Sanger firefighters call for chief’s extinguishing

Sanger Firefighters Association announces a vote of no confidence in Fire Chief Greg Tarascou, says firefighters want to see a more forward-thinking leader

Sanger Fire Department located at 601 West Ave. Sanger, CA 93657 (Kenny Goodman)
Sanger Fire Department located at 601 West Ave. Sanger, CA 93657 (Kenny Goodman)
Serena Bettis
Published February 21, 2024  • 
1:00 pm

SANGER – Frustrated and fed up with the current state of their department, Sanger firefighters are asking the city to remove the fire chief from his post. 

The Sanger Firefighters Association Local 1809 union announced on Feb. 16 that its members took a unanimous vote of no confidence against Fire Chief Greg Tarascou, meaning they do not have confidence in his leadership of the fire department. Union President Todd Wilson cited a lack of communication, poor morale and personnel turnover as motivating factors for the vote. 

“We didn’t really consider the timing, there’s not a good time to do this — we didn’t want to do this — but it’s just frustration, finally,” Wilson said. “We’ve discussed this in union meetings for at least two years … and now we unanimously voted for that vote of no confidence at the end of November.” 

Wilson said that after the union took the vote of no confidence in November, members conducted research on what the next steps would be, drafted a letter of no confidence to send to the city and then waited one week for a response from the city before posting about the vote publicly. 

The Sanger Firefighters Association emphasized that the vote will not have any impact on the department’s response to calls for service. 

On Feb. 9, the association sent a detailed letter of no confidence to Tarascou, Interim City Manager Greg Garner and all Sanger City Council members, Wilson said. The association then posted a shortened version of the letter to its Facebook and Instagram pages on Feb. 16.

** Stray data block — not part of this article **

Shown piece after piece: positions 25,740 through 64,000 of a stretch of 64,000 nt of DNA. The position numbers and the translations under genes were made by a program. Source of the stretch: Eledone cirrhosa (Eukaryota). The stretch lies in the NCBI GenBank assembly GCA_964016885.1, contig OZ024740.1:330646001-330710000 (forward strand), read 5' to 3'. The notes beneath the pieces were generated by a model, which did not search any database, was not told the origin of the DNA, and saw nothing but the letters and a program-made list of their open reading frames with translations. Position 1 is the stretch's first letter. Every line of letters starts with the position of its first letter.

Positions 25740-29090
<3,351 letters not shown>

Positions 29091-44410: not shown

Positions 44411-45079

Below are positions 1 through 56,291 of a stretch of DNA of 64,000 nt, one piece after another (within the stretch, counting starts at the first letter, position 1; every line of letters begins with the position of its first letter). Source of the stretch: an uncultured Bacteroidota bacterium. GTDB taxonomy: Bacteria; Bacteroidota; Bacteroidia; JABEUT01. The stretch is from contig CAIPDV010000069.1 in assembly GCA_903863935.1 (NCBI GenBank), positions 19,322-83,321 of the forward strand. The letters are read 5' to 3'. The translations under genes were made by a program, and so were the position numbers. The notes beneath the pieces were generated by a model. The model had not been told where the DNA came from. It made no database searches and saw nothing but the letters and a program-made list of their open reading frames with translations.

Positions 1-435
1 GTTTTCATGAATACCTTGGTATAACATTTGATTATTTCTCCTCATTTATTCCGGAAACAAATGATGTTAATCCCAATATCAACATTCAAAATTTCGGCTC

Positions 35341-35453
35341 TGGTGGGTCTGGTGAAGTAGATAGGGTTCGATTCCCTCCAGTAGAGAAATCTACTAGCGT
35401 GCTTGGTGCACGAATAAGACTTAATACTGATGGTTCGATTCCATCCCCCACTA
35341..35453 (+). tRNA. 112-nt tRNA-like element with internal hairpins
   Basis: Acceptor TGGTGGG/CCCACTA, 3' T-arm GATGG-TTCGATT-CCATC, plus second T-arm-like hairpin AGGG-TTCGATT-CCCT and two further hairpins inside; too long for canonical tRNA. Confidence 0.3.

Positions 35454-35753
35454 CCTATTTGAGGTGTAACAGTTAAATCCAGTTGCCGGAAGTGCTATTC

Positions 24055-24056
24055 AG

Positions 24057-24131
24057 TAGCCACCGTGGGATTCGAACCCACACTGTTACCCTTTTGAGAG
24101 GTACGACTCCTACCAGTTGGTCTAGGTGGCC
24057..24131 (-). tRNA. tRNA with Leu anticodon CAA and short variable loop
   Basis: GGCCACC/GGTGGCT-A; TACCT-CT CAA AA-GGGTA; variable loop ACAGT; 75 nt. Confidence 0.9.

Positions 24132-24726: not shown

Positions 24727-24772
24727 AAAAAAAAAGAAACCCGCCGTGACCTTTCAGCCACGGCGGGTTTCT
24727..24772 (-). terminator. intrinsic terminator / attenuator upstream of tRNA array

In a statement sent to the Mid Valley Times, Tarascou said that first and foremost, the protection and safety of the community “will always be paramount for the fire department here in Sanger.” 

“However, the city considers this a top priority, and the city manager and I look forward to meeting with the SFA’s leadership as soon as possible to hear their perspectives and to determine appropriate next steps,” Tarascou said.

The city of Sanger said it is unable to comment on the vote because it is a personnel matter. 

Wilson said that with the new city manager, Nathan Olson, coming on board on Feb. 23, he’s hoping to sit down with Olson to explain the association’s side of the story and see what can be done. 

“We’re asking for his (Tarascou’s) resignation,” Wilson said. “I don’t know if the city will act; this is all we can do. This is our last resort.”

According to the Sanger Firefighters Association, these concerns have been previously communicated to Tarascou over the last few years, but “were consistently met with apathy,” the letter of no confidence said.

“I want to say that we feel that Greg Tarascou did well his first five years or so as chief, it’s just been a slow decline since roughly 2017, and it just gets worse and worse,” Wilson said. “At this point, there’s absolutely no communication; we don’t know if he’s in the office, we don’t know if he’s out of town … it makes it hard to do our jobs.” 

The main complaints the association has about Tarascou have to do with a lack of communication and overall low morale that firefighters feel has led to high personnel turnover in the last few years. 

When fully staffed, Sanger employs approximately 24 operational firefighters, Wilson said. By his estimate, 24 people have left the department since 2020, leaving a gap in middle-ground experience, as the remaining firefighters are either about to retire or are in the first few years of their firefighting careers. 

Wilson said there has also been a decline in firefighters hired by the department who are also certified as paramedics, which is essential to the Sanger department’s operations because the firefighters run two ambulances for the city. 

Paramedics, as opposed to EMTs, have a higher level of certification and are authorized to administer life-saving drugs, intubation and IVs, Wilson said. Wilson said paramedic positions have been replaced with EMTs, “so it gives an illusion that we’re fully staffed, but there are days we can run only one paramedic ambulance.” 

The Sanger Firefighters Association would like to see the department grow with the city, which they feel is not happening right now. 

“Our hope for the future is to bring in a new chief, a new set of eyes that’s progressive, that looks at our department and wants to take it into the future,” Wilson said.

Serena Bettis
General Assignment Reporter